Omicron cases could hit 200,000 a day next year without tougher restrictions, Doherty modelling warns
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Surging Omicron infections will overwhelm the health system unless some restrictions return, according to modelling prepared for national cabinet that also recommends bringing coronavirus vaccine boosters forward.
The Doherty Institute modelling predicts that without low-to-medium restrictions such as density and visitor limits, waning vaccine protection against the Omicron variant puts Australia on track to hit about 200,000 cases a day by late January or early February.
The Doherty Institute modelling predicts that without low-to-medium restrictions, cases would reach about 200,000 a day by late January or early February.Credit:Getty Images
“Boosters alone will not be fast enough to halt the spread of Omicron,” the modelling, seen by The Sydney Morning Herald and The Age, says.
The modelling by a team of researchers including professors Jodie McVernon and James McCaw says rapidly growing case numbers would lift hospitalisation rates to 4000 a day. This would push emergency departments to capacity and fill the nation’s intensive care units, with between 8000 and 10,000 patients expected to be admitted to ICUs.
It assumes only baseline public health safety measures – no stay-at-home-orders, low density requirements, no retail restrictions, schools open – and the partial test, trace, isolate and quarantine responses of a strained contact tracing system. The modelling also assumes that, in addition to being much more transmissible than the Delta variant, Omicron causes equally severe disease, stating that “all international modelling groups are using this conservative assumption”.
It showed a hard lockdown could suppress the outbreak by the end of January, assuming 60 to 80 per cent of Australians received a three-month booster by then.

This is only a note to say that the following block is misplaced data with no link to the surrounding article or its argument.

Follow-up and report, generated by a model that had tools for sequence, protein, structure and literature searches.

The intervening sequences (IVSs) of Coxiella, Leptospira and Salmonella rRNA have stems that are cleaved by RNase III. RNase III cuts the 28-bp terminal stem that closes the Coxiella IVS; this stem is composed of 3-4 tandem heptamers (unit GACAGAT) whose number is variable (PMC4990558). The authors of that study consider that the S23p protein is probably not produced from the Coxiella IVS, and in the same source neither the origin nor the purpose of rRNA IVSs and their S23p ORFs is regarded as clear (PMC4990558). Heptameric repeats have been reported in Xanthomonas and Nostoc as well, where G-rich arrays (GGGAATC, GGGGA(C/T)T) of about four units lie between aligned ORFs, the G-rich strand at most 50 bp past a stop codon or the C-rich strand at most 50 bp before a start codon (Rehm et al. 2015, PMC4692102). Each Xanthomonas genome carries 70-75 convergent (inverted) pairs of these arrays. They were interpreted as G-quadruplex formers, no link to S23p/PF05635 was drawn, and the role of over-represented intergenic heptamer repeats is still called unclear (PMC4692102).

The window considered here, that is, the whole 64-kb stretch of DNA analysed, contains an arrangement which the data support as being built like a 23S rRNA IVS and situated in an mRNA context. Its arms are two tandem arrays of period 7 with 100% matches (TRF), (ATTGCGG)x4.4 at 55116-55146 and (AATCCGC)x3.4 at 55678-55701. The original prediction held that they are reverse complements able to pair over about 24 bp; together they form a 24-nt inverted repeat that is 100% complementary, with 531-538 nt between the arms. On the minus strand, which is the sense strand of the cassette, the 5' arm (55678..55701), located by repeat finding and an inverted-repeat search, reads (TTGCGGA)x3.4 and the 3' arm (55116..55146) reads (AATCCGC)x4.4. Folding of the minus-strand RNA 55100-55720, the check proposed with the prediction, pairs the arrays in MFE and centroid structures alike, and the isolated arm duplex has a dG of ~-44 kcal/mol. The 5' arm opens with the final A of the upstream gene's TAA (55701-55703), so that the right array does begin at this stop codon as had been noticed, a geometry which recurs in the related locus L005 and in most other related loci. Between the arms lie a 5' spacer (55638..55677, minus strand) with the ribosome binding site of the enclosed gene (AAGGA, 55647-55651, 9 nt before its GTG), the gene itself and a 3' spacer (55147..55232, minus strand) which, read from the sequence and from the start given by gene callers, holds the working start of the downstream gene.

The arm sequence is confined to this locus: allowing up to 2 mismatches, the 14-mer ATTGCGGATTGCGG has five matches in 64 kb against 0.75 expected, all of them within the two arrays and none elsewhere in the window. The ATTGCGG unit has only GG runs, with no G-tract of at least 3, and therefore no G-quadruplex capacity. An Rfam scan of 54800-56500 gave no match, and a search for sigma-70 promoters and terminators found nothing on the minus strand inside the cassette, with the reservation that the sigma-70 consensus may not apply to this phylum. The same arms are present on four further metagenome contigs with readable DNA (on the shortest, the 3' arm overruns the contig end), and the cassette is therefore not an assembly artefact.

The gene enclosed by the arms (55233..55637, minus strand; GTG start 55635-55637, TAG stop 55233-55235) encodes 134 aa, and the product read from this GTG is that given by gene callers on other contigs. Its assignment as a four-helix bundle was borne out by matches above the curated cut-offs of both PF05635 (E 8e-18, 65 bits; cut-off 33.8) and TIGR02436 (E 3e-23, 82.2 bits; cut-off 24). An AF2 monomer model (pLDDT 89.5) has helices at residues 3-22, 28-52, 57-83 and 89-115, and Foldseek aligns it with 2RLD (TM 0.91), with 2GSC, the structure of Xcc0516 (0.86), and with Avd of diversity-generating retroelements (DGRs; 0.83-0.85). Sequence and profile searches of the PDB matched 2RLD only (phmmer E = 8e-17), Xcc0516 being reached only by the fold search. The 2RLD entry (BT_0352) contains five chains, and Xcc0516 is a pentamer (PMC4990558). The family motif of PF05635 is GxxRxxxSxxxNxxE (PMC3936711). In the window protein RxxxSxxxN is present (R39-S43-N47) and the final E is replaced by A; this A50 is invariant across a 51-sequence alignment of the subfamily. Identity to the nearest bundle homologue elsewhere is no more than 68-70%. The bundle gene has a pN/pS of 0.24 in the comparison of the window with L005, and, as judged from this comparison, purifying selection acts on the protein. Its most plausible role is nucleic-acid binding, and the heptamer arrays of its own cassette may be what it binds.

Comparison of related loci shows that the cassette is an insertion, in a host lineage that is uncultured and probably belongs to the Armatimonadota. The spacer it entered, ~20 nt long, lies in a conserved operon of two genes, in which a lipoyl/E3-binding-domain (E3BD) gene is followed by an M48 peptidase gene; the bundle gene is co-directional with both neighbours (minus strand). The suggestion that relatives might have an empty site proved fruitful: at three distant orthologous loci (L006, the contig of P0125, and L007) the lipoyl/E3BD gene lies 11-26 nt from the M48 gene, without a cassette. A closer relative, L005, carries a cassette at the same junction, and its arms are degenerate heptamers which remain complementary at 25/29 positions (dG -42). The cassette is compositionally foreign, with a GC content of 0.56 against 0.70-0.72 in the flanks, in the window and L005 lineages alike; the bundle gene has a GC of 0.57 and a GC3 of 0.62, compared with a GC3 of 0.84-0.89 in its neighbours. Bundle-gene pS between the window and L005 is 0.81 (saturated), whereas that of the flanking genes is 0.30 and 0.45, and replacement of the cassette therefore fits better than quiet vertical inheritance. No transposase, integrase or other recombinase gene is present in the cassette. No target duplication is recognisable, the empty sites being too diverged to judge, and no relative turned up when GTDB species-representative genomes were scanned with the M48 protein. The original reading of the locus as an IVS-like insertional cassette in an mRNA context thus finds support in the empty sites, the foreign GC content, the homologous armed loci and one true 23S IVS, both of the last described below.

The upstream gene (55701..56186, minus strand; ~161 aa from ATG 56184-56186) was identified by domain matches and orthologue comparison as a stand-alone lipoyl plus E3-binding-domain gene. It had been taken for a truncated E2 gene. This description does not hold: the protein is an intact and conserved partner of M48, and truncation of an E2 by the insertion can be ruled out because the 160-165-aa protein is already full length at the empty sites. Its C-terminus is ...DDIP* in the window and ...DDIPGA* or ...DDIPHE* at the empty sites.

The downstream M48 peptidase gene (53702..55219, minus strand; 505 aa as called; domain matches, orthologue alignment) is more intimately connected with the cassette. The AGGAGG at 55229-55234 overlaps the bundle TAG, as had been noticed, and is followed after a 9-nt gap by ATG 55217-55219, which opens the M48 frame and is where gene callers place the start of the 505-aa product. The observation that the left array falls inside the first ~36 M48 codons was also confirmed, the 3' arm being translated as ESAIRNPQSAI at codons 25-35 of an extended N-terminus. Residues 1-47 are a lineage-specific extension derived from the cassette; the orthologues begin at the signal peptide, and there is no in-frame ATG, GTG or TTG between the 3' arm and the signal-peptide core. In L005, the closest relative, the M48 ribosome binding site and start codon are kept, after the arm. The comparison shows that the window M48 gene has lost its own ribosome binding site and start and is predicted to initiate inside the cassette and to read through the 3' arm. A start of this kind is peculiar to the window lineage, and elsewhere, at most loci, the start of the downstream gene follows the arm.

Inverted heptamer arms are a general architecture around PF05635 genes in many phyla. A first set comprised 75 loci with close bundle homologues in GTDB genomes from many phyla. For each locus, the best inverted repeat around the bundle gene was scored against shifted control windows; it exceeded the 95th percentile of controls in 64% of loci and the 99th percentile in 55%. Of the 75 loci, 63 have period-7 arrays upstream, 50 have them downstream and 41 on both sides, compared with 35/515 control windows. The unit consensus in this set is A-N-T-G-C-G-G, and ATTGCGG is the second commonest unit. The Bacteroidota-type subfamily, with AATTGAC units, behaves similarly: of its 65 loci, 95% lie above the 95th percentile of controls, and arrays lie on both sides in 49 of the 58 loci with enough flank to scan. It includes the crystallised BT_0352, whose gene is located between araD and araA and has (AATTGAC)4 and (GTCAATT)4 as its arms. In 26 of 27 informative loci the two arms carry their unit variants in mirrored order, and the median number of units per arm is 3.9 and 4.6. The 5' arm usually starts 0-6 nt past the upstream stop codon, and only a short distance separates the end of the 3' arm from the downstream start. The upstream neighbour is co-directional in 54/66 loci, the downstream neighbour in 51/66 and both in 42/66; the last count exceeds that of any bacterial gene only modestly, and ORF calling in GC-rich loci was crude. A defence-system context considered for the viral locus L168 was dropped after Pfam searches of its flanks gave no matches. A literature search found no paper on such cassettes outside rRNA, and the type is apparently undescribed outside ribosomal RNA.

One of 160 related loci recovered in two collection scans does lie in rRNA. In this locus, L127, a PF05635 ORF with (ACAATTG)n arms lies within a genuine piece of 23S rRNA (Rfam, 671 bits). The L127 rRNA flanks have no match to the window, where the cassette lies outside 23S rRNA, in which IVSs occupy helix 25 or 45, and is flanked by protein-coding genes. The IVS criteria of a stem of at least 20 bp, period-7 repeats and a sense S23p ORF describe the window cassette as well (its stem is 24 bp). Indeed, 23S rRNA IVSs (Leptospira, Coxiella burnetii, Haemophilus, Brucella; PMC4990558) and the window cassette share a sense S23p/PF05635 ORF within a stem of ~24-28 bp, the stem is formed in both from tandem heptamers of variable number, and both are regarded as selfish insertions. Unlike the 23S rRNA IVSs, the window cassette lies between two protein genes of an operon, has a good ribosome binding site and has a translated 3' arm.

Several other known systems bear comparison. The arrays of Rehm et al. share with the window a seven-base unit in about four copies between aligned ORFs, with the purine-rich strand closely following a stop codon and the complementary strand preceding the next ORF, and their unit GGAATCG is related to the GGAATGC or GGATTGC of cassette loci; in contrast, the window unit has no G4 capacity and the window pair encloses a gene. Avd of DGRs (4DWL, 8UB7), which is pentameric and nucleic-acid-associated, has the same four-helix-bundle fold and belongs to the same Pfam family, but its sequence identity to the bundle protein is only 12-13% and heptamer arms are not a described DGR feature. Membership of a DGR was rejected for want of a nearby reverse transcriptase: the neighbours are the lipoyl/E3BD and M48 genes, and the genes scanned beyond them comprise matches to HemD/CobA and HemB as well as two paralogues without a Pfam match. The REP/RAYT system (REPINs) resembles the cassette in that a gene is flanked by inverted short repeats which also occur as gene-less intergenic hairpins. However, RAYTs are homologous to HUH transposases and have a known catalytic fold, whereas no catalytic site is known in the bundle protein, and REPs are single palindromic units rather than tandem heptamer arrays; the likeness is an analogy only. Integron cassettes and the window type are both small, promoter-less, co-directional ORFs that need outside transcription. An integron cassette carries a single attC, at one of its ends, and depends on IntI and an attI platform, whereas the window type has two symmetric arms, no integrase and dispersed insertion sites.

“Looking at the impact of increasing uptake over time, a rapid booster program would likely enable control with minimal public health safety measures by end of March,” the modellers wrote on December 17.
“The epidemic peak could be delayed with public health safety measures until the boosters kick in, allowing the program to have greater impact.”
The modelling has been given to federal, state and territory leaders ahead of their national cabinet meeting on Wednesday to discuss boosters and public health measures.
Health ministers and premiers in NSW and Victoria are pushing the federal government to fast-track advice from the Australian Technical Advisory Group on Immunisation to speed up boosters, after earlier this month bringing them forward from six to five months after the second vaccination.
Prime Minister Scott Morrison told reporters in Queensland on Tuesday that Australians would not face further lockdowns while supporting calls for masks to be worn indoors.
NSW and Victoria are demanding the federal government give more funding to GPs, pharmacists and the Aboriginal community-controlled health sector to ensure a smooth and rapid booster rollout, while the federal government wants states to keep their vaccination hubs running.
The Doherty Institute modellers, who drew upon South African data to model an “intermediate” Omicron scenario, forecast about 250,000 cases a day by late January under a six-month booster regime with no mask mandates and all current freedoms maintained.
Without some restrictions on movement, bringing forward boosters to three months would only lower the peak daily infection rate to 190,000, the model said.
Future waves of infections would require “repeat boosting”, the modellers said.
While the modelling does not recommend specific restrictions, the Doherty Institute defines “low” public health safety measures as “capacity limits on recreational activities, limits on retail group sizes and restrictions on workplace capacity”, but no stay-at-home orders.
“Medium” public health safety measures are defined as “stay-at-home except for work, study and essential purposes, retail and cafes or restaurants open subject to density restrictions, working from home if possible with density restrictions in workplaces”.
Indoor recreational venues would be closed under medium restrictions, with small numbers of household visitors allowed and the possibility of school closures.
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